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Pictolang offers four image-based language/culture learning activities. Visual Word Trainer provides flashcards with images and the word it represents from a choice of several languages (Arabic, French, Italian, German, Japanese, Spanish, and more). Choose your language and the type of photos you wish to find. Picture Match offers a word with an assortment of images to match correctly. Word Match is the opposite of Picture Match - one image is offered with several words. Choose the correct word to match the image. Both of these activities also ask you to choose the language. The most difficult game is the Analyst Game. This activity "tests your visual intelligence." One image is presented, you choose the correct culture represented by the image. (Try it - not as easy as it sounds!)

tag(s): arabic (20), chinese (48), cross cultural understanding (115), french (88), german (64), images (265), italian (33), japanese (42), maps (288), spanish (108)

In the Classroom

Use Pictolang to help students learn and review languages on their own. This is a perfect site for ESL/ELL students, world cultures class, and world language studies. Display the Analyst Game on your interactive whiteboard (or projector) and play together as a class or as a small group center. Discuss images featured and why they represent different cultures. Allow ESL/ELL students to explore the site using the ESL (North America) option to match images to the English word. This is a great link to add to your class website for world language (or ESL/ELL) students to use for additional practice.

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Timelines.TV - Timelines.TV

Grades
6 to 12
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This British site marries the interactive timeline with the video clip to create a historical resource that has a strong visual impact. Although the focus is on British history, there...more
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This British site marries the interactive timeline with the video clip to create a historical resource that has a strong visual impact. Although the focus is on British history, there are also timelines focused on the American West, and the history of pandemic smallpox. A number of the British timelines have applications for the study of world history: Shakespeare, the Industrial Revolution, Women's Suffrage, and more. Access a timeline and then view short video clips designed to explain or enrich your understanding of events or trends along the line. There is a message board. At the time of this review, all content was appropriate. However, you may want to preview that area or advise your students to steer clear of the message boards.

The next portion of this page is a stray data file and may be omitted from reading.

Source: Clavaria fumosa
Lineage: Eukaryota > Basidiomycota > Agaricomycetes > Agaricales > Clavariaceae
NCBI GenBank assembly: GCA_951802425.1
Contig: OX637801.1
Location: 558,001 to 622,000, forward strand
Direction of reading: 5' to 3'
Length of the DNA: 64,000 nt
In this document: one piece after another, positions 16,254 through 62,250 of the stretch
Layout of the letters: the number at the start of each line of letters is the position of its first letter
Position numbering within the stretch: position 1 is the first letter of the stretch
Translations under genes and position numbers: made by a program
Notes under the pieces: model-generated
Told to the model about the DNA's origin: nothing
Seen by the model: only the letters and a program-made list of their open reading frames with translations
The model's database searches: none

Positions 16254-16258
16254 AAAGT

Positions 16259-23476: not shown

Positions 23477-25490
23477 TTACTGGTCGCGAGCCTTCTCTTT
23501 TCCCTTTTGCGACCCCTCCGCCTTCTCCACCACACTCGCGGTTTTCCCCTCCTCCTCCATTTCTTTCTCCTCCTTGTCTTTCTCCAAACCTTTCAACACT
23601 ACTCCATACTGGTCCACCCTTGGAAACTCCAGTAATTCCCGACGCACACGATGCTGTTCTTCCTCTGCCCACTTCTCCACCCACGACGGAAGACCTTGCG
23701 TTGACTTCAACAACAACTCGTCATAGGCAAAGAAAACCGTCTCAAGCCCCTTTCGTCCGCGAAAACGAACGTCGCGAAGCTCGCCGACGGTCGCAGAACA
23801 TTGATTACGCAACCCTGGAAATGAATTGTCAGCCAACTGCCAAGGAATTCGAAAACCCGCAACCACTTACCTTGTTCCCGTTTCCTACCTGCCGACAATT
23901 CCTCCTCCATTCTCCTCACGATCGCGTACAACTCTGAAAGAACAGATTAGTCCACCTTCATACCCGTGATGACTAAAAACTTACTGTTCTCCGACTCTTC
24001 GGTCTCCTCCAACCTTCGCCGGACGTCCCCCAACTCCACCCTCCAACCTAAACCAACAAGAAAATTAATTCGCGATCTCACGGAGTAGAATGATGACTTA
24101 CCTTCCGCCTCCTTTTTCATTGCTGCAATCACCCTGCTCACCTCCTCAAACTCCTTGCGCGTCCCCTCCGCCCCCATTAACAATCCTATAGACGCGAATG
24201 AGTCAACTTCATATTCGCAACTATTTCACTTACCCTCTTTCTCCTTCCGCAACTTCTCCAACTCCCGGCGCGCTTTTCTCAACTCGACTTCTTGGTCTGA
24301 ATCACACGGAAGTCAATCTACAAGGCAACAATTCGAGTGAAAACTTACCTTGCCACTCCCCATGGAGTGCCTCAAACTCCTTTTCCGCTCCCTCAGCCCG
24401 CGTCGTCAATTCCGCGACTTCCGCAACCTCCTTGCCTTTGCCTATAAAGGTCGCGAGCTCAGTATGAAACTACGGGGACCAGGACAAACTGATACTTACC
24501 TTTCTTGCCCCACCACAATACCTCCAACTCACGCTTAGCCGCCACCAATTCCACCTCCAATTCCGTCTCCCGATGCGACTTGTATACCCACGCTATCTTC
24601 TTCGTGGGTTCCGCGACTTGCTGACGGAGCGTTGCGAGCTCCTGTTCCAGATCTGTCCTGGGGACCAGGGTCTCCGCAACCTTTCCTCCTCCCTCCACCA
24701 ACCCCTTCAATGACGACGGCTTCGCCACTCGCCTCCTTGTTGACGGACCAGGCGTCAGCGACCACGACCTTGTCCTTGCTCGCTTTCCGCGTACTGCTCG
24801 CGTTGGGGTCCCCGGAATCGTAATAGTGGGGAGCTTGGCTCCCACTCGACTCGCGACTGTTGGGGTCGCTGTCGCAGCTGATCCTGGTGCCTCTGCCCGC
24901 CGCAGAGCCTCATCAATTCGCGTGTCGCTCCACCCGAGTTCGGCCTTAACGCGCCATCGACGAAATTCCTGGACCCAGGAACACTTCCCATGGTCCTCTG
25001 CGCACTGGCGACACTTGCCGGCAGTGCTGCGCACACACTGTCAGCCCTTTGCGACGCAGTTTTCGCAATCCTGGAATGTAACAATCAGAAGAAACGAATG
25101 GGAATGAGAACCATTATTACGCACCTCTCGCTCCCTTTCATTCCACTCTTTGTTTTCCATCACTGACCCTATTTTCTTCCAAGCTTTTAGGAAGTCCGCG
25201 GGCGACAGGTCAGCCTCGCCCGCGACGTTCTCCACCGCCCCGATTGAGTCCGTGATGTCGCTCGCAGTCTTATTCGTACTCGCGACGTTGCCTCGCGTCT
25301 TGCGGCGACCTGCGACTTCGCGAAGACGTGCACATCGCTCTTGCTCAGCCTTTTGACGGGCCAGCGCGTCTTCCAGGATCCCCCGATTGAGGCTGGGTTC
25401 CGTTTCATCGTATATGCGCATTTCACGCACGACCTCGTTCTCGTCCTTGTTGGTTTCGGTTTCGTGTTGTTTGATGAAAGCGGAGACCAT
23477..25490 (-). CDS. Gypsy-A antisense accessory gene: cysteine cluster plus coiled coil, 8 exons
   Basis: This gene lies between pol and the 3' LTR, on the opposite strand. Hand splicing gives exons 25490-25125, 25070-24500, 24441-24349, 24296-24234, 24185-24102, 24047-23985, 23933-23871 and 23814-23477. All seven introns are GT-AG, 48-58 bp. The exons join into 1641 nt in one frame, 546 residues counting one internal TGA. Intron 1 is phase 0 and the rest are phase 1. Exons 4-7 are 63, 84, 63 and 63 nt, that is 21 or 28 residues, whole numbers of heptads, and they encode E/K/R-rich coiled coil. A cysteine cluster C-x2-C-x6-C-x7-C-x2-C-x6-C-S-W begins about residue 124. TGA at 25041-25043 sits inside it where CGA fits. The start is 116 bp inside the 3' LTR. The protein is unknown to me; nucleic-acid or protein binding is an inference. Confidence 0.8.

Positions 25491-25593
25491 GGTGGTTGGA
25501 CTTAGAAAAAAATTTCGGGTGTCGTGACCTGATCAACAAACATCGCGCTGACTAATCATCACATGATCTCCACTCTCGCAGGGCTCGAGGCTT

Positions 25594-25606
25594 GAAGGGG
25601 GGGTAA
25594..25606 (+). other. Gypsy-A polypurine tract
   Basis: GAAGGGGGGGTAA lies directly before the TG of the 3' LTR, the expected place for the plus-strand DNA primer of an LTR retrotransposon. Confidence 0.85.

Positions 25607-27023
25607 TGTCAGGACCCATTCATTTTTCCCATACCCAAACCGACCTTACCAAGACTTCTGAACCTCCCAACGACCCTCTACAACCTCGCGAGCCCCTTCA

tag(s): diseases (66), gold rush (19), great britain (16), industrial revolution (25), native americans (78), shakespeare (131), timelines (62), westward expansion (29), womens suffrage (26)

In the Classroom

Timeline.TV is tailor made for classrooms with interactive whiteboards (or projectors). The video clips generally run between five and ten minutes, so are a perfect reinforcement for classroom lecture or for outside reading. If you are running a "flipped" classroom, ask students to access the timelines at home, knowing that the presentations will help expand understanding of concepts to be discussed in class. There is also a mobile and tablet version of this resource. Challenge cooperative learning groups to create their own timelines on a topic not highlighted at this site. Use a tool such as Capzles (reviewed here).
 This resource requires Adobe Flash.

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Learn English Teens - British Council

Grades
7 to 12
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This teens' branch of Learn English (created in the UK) contains interactives, short stories, poems, grammar bits, and a video zone with many short videos. You can also write captions...more